How to Find the Best Videos of Young, Extreme Athletes
I recently discovered the website, Kids Who Rip. Not sure how I missed this one, but it's rad little video library of kids killing it on bikes, skis, kiteboards, surfboards, skateboards, balance beams, and pretty much every other conveyance and game known to childhood.
You can submit clips of your kid's first black diamond mogul run or gawk at other people's offspring hucking big air on their mountain bikes. In a bind, it'll double as a motivational tool ("that boy can ride across a log without whining"), and it's an excellent bribery/diversion tactic when your wild child is bouncing off the walls and you need some peace and quiet (like right this minute). What's more riveting than watching a grom catch and carve waves—especially when the surfer is six years old and not even four feet tall? Not a rhetorical question.
Documentary filmmaker Rod Parmenter launched Kids Who Rip in 2010. Back in the day, he was a teen action sports star himself; his stunts landed him on the cover of Ski Magazine and a role in Warren Miller's movie "Steep and Deep." He went on to become an unofficial talent scout for baby shredders, shooting classic footy of up-and-comers like pro surfer T.J. Baron and Olympic champion snowboarder Shaun White, at the ripe old age of 10. Like this one:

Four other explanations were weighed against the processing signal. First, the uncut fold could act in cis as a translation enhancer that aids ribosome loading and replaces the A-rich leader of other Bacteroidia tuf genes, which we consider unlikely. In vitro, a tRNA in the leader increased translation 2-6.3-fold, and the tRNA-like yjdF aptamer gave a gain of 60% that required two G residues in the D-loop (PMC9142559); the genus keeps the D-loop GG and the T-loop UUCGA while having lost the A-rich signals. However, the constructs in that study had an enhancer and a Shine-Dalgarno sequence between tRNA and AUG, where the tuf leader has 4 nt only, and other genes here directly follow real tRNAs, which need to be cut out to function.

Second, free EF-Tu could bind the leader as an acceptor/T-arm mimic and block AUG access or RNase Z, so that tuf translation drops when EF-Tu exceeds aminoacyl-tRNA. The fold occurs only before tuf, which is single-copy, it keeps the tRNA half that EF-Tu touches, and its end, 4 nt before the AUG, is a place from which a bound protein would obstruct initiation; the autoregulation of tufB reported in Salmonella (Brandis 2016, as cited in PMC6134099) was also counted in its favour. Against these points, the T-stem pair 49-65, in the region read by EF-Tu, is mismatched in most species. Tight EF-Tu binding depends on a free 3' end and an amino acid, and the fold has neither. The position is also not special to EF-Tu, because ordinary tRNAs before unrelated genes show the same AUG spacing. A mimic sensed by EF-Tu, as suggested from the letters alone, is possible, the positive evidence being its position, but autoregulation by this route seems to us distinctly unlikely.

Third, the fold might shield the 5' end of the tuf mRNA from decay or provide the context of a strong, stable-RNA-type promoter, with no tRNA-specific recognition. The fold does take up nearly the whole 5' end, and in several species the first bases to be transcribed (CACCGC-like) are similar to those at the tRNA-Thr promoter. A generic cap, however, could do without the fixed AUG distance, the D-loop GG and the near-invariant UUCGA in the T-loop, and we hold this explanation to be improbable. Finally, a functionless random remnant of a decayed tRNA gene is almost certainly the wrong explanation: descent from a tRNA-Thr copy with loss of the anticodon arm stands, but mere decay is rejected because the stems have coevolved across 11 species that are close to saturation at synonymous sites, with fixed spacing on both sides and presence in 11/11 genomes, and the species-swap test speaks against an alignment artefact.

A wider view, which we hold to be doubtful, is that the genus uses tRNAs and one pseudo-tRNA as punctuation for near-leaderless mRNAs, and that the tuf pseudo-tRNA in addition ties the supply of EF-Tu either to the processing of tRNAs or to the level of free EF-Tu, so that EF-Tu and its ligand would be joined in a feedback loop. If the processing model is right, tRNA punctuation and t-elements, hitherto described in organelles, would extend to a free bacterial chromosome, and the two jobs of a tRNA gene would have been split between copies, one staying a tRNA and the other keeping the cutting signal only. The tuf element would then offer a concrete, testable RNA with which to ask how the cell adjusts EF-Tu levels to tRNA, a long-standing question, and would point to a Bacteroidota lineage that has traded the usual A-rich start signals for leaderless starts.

But it's not all action sports all the time on Kids Who Rip; dancers, gymnasts, basketball players, and musicians get equal opportunity air time. Some clips are freakishly professional. Check out the self-proclaimed Youngest Fitness Instructor in the world—he's 10. "For the most part, the kids and their families that submit videos are incredible, probably some of the best in the country," says Parmenter. "You can tell right away when the kid has the support of their family. Someone needs to be filming and taking the kid to the beach or mountain."
But others are scrappier, backyard productions, probably a lot like yours and mine. Because let's face it—no matter how fearless, game, and singleminded they are, or how tricked out their clips—most kids probably won't end up on the Olympic podium. But it sure is fun to watch them along the way.